Logo of jnnpsycJournal of Neurology, Neurosurgery and PsychiatryVisit this articleSubmit a manuscriptReceive email alertsContact usBMJ
J Neurol Neurosurg Psychiatry. 2005 Oct; 76(10): 1420–1424.
PMCID: PMC1739352

Prevalence and characteristics of patients in a vegetative state in Dutch nursing homes


Objectives: To establish the prevalence of vegetative state in Dutch nursing homes, describe the patient characteristics, and highlight the possible influence of medical decisions at the end of life.

Design: A cross-sectional survey. The vegetative state was defined according to the Multi Society Task Force on PVS. All Dutch nursing homes were approached to provide data on patients in a vegetative state. In cases of doubt, the researcher discussed the diagnosis with the patient's physician and, if necessary, examined the patient. Information on patients in a vegetative state in care between 2000 and September 2003 and end of life decisions for them were also recorded.

Results: All nursing homes and physicians participated. After assessment of 12 doubtful patients, 32 met the criteria of vegetative state lasting longer than one month, a prevalence of 2/1 000 000. Of these, 30 patients' data were analysed: age 9–90 years; 73% female; duration of vegetative state 2 months–20 years (26 surviving >1 year, 13 >5 years). Stroke was the commonest cause. Between 2000 and September 2003, there were 76 patients in a vegetative state in care of whom 34 died of complications and nine after withdrawal of artificial nutrition and hydration.

Conclusions: The prevalence of vegetative state in Dutch nursing homes has been established for the first time. The figures are lower than suggested in the literature. The study included a heterogeneous group of patients, of which a substantial number survived for many years. The results cannot be explained by a policy of systematically withdrawing artificial nutrition and hydration.

Full Text

The Full Text of this article is available as a PDF (74K).

Selected References

These references are in PubMed. This may not be the complete list of references from this article.
  • Jennett B, Plum F. Persistent vegetative state after brain damage. A syndrome in search of a name. Lancet. 1972 Apr 1;1(7753):734–737. [PubMed]
  • Andrews K. International Working Party on the Management of the Vegetative State: summary report. Brain Inj. 1996 Nov;10(11):797–806. [PubMed]
  • Lavrijsen Jan, van den Bosch Hans, Koopmans Raymond, van Weel Chris, Froeling Paul. Events and decision-making in the long-term care of Dutch nursing home patients in a vegetative state. Brain Inj. 2005 Jan;19(1):67–75. [PubMed]
  • Charatan Fred. Governor Jeb Bush intervenes in "right to die" case. BMJ. 2003 Oct 25;327(7421):949–949. [PMC free article] [PubMed]
  • Minderhoud JM, Braakman R. Het vegeterende bestaan. Ned Tijdschr Geneeskd. 1985 Dec 14;129(50):2385–2388. [PubMed]
  • Stepan Ch, Haidinger G, Binder H. Prevalence of persistent vegetative state/apallic syndrome in Vienna. Eur J Neurol. 2004 Jul;11(7):461–466. [PubMed]
  • Higashi K, Sakata Y, Hatano M, Abiko S, Ihara K, Katayama S, Wakuta Y, Okamura T, Ueda H, Zenke M, et al. Epidemiological studies on patients with a persistent vegetative state. J Neurol Neurosurg Psychiatry. 1977 Sep;40(9):876–885. [PMC free article] [PubMed]
  • Tresch DD, Sims FH, Duthie EH, Goldstein MD, Lane PS. Clinical characteristics of patients in the persistent vegetative state. Arch Intern Med. 1991 May;151(5):930–932. [PubMed]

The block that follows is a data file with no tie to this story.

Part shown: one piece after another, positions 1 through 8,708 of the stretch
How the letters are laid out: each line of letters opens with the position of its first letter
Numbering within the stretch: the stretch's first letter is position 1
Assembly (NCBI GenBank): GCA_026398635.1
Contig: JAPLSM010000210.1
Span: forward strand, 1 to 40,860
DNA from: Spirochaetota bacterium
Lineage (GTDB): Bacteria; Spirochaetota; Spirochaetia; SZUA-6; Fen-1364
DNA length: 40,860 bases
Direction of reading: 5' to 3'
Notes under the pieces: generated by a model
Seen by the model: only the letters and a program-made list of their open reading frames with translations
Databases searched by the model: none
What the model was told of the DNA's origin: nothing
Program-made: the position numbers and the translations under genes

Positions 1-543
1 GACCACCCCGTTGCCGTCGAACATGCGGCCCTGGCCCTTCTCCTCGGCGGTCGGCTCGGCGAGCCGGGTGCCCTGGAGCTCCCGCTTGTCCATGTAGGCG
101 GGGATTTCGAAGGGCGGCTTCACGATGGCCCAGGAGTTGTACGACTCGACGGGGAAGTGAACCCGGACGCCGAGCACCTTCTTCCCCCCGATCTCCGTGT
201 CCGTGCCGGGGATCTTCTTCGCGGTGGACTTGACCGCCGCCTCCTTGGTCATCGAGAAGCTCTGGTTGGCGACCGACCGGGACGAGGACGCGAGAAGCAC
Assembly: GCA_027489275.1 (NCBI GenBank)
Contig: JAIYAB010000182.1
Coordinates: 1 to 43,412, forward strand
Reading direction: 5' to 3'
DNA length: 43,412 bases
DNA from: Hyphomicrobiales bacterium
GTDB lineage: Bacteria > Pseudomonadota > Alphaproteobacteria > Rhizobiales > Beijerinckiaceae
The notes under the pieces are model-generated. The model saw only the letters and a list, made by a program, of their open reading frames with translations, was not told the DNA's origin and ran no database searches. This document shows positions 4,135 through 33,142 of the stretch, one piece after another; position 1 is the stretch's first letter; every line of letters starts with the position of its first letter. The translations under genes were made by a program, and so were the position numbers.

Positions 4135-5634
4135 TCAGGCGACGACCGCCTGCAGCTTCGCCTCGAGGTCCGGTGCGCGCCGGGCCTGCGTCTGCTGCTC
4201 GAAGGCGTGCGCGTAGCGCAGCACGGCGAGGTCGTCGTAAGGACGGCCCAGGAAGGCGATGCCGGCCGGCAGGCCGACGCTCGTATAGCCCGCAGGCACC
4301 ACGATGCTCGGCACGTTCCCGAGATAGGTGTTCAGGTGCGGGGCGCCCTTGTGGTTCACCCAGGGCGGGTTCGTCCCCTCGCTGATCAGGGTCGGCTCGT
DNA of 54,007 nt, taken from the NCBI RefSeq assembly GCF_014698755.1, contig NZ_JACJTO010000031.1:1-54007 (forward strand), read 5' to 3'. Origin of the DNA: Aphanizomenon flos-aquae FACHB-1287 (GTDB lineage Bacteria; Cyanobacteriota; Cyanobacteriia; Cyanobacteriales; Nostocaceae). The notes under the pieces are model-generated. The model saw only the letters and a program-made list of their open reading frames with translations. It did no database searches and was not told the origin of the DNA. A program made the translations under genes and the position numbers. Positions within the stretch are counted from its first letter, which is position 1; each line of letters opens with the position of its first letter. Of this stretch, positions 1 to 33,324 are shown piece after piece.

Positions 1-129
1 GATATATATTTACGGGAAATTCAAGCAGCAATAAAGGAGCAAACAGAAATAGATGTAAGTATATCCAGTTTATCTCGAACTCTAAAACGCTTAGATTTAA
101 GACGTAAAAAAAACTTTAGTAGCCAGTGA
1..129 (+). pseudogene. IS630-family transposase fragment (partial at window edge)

• Hoek JF, Penninx BW, Ligthart GJ, Ribbe MW. Health care for older persons, a country profile: The Netherlands. J Am Geriatr Soc. 2000 Feb;48(2):214–217. [PubMed]
  • Hoek JF, Ribbe MW, Hertogh CM, van der Vleuten CP. The specialist training program for nursing home physicians: a new professional challenge. J Am Med Dir Assoc. 2001 Nov-Dec;2(6):326–330. [PubMed]
  • Lavrijsen JCM, van den Bosch JSG, Costongs LGP, Eilander HJ, Hoenderdaal PL, Minderhoud JM. Diagnostiek van vegetatieve toestand als basis voor medisch handelen op de grens van leven en dood. Ned Tijdschr Geneeskd. 2003 Feb 1;147(5):195–198. [PubMed]
  • Lavrijsen JC, van den Bosch JS. Medisch handelen bij patiënten in een chronisch coma; een bijdrage uit de verpleeghuisgeneeskunde. Ned Tijdschr Geneeskd. 1990 Aug 11;134(32):1529–1532. [PubMed]
  • Volicer L, Berman SA, Cipolloni PB, Mandell A. Persistent vegetative state in Alzheimer disease. Does it exist? Arch Neurol. 1997 Nov;54(11):1382–1384. [PubMed]
  • Ansell BJ, Keenan JE. The Western Neuro Sensory Stimulation Profile: a tool for assessing slow-to-recover head-injured patients. Arch Phys Med Rehabil. 1989 Feb;70(2):104–108. [PubMed]
  • Giacino Joseph T, Ashwal S, Childs N, Cranford R, Jennett B, Katz DI, Kelly JP, Rosenberg JH, Whyte J, Zafonte RD, et al. The minimally conscious state: definition and diagnostic criteria. Neurology. 2002 Feb 12;58(3):349–353. [PubMed]
  • Grubb A, Walsh P, Lambe N, Murrells T, Robinson S. Survey of British clinicians' views on management of patients in persistent vegetative state. Lancet. 1996 Jul 6;348(9019):35–40. [PubMed]
  • Cranford RE. The vegetative and minimally conscious states: ethical implications. Geriatrics. 1998 Sep;53 (Suppl 1):S70–S73. [PubMed]
  • Tresch DD, Sims FH, Duthie EH, Jr, Goldstein MD. Patients in a persistent vegetative state attitudes and reactions of family members. J Am Geriatr Soc. 1991 Jan;39(1):17–21. [PubMed]

Articles from Journal of Neurology, Neurosurgery, and Psychiatry are provided here courtesy of BMJ Group


Save items

Related citations in PubMed

See reviews...See all...

Cited by other articles in PMC

See all...


  • MedGen
    Related information in MedGen
  • PubMed
    PubMed citations for these articles

Recent Activity

Your browsing activity is empty.

Activity recording is turned off.

Turn recording back on

See more...